One wrinkle for Wyoming: There soon might be fewer opportunities for the state to distinguish itself if federal policy comes into clearer focus—and preempts state rules. “I’m skeptical that many of these ideas will gain traction at the federal level,” says Sauter. “I don’t see the political will for it.” One federal bill, called the Token Taxonomy Act, would seek to tie the SEC’s hands and exempt some tokens from securities regulations, but both Long and Lindholm say it goes too far in lassoing states as well. But for now, they may be safe. There’s little indication Congress has any interest in tackling blockchain just yet.
Legislators in Washington state are building momentum around new rules for businesses offering digital currency services. Senate Bill 5013 provides a definition of virtual currency along with disclosure requirements of certain information to consumers. It also would require online currency exchanges within that state to maintain a surety bond. Finally, it offers definitional and clarifying changes for how money transmitters and currency exchangers are regulated under the Uniform Money Services Act.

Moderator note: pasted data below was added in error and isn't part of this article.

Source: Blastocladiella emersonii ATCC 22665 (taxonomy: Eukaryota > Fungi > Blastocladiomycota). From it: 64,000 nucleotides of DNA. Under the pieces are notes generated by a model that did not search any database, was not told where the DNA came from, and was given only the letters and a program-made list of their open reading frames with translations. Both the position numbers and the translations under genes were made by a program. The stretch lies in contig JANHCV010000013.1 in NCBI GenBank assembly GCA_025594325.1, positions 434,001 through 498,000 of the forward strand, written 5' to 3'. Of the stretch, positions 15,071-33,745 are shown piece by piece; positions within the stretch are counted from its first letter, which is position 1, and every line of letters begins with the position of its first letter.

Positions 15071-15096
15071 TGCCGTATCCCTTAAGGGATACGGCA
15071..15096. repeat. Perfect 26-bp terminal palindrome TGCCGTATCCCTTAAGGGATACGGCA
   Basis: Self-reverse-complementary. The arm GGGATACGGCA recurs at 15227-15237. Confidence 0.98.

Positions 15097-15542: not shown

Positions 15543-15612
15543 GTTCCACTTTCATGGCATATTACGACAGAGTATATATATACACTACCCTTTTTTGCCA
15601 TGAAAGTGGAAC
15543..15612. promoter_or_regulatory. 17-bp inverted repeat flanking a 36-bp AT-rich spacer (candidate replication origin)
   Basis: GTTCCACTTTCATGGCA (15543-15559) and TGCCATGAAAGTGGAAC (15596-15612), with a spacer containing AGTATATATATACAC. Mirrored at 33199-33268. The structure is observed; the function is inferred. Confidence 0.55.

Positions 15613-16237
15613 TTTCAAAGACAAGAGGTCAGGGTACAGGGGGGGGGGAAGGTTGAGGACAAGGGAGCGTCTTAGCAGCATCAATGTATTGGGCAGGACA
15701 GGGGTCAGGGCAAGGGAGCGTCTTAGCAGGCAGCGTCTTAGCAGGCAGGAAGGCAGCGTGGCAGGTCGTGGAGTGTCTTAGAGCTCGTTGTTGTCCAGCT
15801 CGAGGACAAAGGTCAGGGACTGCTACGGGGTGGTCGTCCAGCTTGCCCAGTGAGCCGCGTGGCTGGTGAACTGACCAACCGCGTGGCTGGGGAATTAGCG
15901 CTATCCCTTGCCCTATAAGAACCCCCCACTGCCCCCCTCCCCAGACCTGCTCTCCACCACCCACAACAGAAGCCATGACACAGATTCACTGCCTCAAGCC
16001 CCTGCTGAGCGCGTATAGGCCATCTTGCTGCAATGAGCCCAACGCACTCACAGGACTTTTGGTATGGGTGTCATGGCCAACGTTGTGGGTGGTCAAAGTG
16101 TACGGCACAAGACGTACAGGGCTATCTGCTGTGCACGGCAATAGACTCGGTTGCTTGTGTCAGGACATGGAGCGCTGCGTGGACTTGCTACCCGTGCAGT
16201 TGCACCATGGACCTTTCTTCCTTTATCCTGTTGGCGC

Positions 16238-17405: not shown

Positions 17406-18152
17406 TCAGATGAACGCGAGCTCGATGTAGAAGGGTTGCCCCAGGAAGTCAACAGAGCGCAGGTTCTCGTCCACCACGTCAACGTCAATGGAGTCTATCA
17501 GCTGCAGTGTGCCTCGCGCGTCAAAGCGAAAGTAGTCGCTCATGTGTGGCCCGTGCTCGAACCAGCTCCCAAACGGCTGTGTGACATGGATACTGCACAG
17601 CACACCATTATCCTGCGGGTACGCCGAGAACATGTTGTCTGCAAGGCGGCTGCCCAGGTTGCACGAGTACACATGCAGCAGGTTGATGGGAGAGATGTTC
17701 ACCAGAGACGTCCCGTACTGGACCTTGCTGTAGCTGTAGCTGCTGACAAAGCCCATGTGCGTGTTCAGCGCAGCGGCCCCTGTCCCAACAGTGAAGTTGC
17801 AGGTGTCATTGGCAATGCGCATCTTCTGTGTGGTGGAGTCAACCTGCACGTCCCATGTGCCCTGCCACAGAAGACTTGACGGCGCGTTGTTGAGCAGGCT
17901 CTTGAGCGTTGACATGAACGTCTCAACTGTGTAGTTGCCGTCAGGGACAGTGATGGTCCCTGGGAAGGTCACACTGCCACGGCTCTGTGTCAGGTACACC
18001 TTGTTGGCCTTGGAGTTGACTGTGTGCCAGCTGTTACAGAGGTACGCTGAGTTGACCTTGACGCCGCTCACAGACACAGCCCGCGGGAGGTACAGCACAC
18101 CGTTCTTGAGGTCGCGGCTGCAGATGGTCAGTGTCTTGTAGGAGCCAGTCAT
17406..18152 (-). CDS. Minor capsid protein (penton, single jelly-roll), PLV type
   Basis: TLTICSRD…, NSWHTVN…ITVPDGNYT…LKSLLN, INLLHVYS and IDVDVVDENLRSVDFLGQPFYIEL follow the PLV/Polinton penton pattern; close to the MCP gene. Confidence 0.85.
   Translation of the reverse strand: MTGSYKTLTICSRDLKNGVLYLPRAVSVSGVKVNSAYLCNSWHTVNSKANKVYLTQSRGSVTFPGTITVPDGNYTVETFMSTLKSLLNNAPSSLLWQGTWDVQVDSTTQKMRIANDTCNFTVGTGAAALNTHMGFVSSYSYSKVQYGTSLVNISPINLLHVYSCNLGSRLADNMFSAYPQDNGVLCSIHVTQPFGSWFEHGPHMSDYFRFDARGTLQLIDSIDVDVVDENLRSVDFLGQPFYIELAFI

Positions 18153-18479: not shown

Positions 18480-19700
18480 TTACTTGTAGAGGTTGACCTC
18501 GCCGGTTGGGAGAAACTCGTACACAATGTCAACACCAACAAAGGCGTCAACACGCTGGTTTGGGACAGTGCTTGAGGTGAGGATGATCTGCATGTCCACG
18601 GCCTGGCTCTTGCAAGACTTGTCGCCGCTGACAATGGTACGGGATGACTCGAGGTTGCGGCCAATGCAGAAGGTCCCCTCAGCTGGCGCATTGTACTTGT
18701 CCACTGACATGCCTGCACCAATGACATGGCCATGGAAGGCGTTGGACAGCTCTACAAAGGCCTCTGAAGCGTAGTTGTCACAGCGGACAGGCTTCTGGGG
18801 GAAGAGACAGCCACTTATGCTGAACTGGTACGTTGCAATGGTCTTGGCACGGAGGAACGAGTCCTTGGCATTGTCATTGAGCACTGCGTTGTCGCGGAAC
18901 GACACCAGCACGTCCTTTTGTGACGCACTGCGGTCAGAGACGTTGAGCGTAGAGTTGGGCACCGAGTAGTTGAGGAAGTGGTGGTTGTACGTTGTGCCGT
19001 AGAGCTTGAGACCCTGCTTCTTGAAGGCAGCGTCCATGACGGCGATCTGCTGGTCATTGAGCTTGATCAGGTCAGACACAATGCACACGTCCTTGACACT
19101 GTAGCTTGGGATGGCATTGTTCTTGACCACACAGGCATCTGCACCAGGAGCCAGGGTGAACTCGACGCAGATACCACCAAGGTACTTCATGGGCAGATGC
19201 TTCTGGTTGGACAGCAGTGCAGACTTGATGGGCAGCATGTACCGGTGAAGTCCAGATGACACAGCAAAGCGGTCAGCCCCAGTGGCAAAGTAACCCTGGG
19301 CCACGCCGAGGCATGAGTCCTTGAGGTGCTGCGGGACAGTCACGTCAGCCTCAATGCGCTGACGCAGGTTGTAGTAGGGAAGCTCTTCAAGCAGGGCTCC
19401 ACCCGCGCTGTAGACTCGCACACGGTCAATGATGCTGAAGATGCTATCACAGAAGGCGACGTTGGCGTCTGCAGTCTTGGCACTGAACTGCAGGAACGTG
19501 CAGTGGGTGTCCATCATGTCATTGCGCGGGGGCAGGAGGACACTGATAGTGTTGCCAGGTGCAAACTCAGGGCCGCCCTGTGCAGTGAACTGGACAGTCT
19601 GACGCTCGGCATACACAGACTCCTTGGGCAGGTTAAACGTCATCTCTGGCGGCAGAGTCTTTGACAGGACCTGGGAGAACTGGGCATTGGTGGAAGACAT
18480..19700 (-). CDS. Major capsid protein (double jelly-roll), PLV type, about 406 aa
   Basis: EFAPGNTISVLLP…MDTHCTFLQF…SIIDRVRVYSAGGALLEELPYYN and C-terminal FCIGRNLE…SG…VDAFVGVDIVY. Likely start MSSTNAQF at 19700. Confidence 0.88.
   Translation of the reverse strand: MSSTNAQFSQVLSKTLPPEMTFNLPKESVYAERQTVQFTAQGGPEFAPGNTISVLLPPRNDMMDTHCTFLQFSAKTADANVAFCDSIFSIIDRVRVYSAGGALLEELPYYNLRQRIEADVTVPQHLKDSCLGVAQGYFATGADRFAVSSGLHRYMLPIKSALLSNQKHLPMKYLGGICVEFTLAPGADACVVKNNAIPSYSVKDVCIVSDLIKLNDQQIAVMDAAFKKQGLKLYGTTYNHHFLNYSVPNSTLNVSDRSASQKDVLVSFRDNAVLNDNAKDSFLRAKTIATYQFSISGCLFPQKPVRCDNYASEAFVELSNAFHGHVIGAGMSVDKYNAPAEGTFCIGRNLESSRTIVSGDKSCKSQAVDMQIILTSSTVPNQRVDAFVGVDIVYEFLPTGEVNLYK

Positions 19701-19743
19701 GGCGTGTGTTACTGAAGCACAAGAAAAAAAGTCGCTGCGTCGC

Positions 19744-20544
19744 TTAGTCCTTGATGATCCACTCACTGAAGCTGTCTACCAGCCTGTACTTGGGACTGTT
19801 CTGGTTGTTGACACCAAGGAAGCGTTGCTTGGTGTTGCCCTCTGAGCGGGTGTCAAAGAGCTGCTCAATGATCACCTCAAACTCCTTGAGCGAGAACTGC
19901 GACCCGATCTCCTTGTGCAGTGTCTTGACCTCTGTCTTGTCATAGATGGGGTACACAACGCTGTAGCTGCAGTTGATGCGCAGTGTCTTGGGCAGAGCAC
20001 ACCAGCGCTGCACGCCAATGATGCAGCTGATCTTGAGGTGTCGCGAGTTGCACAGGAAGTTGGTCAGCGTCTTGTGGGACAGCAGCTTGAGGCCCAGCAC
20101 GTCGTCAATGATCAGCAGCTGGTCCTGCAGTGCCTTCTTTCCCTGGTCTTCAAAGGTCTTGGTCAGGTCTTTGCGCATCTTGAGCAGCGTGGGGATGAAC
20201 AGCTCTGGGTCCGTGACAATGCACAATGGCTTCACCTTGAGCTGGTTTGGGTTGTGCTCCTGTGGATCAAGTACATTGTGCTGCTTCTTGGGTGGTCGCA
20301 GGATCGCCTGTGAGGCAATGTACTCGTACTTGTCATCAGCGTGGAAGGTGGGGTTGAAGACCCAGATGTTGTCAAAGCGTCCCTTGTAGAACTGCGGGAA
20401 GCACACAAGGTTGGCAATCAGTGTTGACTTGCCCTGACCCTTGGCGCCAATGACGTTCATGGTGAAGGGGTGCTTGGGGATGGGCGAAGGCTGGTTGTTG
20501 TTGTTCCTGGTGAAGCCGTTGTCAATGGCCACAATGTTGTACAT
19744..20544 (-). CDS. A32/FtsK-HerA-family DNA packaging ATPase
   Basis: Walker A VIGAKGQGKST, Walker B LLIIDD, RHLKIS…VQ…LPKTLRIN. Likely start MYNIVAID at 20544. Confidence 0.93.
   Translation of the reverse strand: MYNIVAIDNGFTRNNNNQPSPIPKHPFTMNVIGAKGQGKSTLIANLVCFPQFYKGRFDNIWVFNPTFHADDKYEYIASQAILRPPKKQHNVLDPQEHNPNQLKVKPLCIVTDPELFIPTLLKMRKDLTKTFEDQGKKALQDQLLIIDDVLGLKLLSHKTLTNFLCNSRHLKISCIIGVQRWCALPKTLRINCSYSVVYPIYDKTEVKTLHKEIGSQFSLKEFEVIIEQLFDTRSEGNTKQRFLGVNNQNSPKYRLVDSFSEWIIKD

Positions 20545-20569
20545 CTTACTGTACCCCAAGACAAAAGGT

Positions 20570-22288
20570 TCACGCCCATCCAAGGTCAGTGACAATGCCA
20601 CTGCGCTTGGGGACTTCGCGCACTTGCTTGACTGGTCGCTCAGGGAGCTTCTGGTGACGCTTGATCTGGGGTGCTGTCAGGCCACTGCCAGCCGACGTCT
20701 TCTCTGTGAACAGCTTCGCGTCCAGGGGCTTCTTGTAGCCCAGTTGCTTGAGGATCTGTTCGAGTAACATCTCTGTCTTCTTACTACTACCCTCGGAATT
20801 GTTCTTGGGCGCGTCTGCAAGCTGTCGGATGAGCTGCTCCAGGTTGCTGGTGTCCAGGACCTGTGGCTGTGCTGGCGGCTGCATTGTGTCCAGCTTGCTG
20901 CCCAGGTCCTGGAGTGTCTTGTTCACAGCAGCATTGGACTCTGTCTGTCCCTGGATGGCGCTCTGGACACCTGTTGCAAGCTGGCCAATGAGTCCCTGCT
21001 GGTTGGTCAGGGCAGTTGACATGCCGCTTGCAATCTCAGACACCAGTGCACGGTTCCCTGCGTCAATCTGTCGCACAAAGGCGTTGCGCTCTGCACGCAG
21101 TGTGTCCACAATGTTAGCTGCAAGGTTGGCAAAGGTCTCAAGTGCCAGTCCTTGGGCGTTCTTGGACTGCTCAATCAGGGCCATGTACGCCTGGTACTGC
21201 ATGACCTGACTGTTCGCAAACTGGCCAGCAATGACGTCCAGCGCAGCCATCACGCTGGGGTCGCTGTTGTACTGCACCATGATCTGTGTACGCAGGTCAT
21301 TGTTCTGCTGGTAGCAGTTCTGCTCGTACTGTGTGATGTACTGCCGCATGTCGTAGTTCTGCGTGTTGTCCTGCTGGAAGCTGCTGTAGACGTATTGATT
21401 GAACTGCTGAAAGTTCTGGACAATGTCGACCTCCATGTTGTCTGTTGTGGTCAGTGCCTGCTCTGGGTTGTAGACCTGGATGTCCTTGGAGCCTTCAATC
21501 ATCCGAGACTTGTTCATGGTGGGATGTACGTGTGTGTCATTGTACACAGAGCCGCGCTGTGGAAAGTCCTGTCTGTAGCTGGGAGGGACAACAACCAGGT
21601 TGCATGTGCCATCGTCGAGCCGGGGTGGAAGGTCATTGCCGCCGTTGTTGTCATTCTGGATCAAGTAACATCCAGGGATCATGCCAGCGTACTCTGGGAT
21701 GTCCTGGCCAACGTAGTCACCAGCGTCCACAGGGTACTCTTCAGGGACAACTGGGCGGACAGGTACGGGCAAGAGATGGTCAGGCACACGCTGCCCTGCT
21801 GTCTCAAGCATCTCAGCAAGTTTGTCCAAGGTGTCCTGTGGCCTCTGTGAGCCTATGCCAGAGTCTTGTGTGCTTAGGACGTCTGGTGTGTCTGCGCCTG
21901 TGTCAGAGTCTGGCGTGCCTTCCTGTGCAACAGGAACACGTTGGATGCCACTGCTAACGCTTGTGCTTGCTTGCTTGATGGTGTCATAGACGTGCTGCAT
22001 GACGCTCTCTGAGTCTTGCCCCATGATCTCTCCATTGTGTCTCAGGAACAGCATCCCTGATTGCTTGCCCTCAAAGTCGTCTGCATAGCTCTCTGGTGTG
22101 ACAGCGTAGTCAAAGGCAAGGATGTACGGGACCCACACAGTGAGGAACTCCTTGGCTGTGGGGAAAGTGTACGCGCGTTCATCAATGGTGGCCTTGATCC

At the time of this writing, this bill, which was introduced in January, had passed both chambers of the state’s legislature, clearing it to be sent to Governor Jay Inslee for signature. While there is no clear indication as to Governor Inslee’s intentions, broad support of the bill seems to suggest that it may pass.
There has already been a bit of fallout, however, as some cryptocurrency-centric startups are now thinking twice about operating in the state, with several firms having pulled out in the past year, noting the increasingly challenging regulatory environment. These include digital currency exchanges Bitfinex, Bitstamp and Poloniex, the latter of which has exited Washington .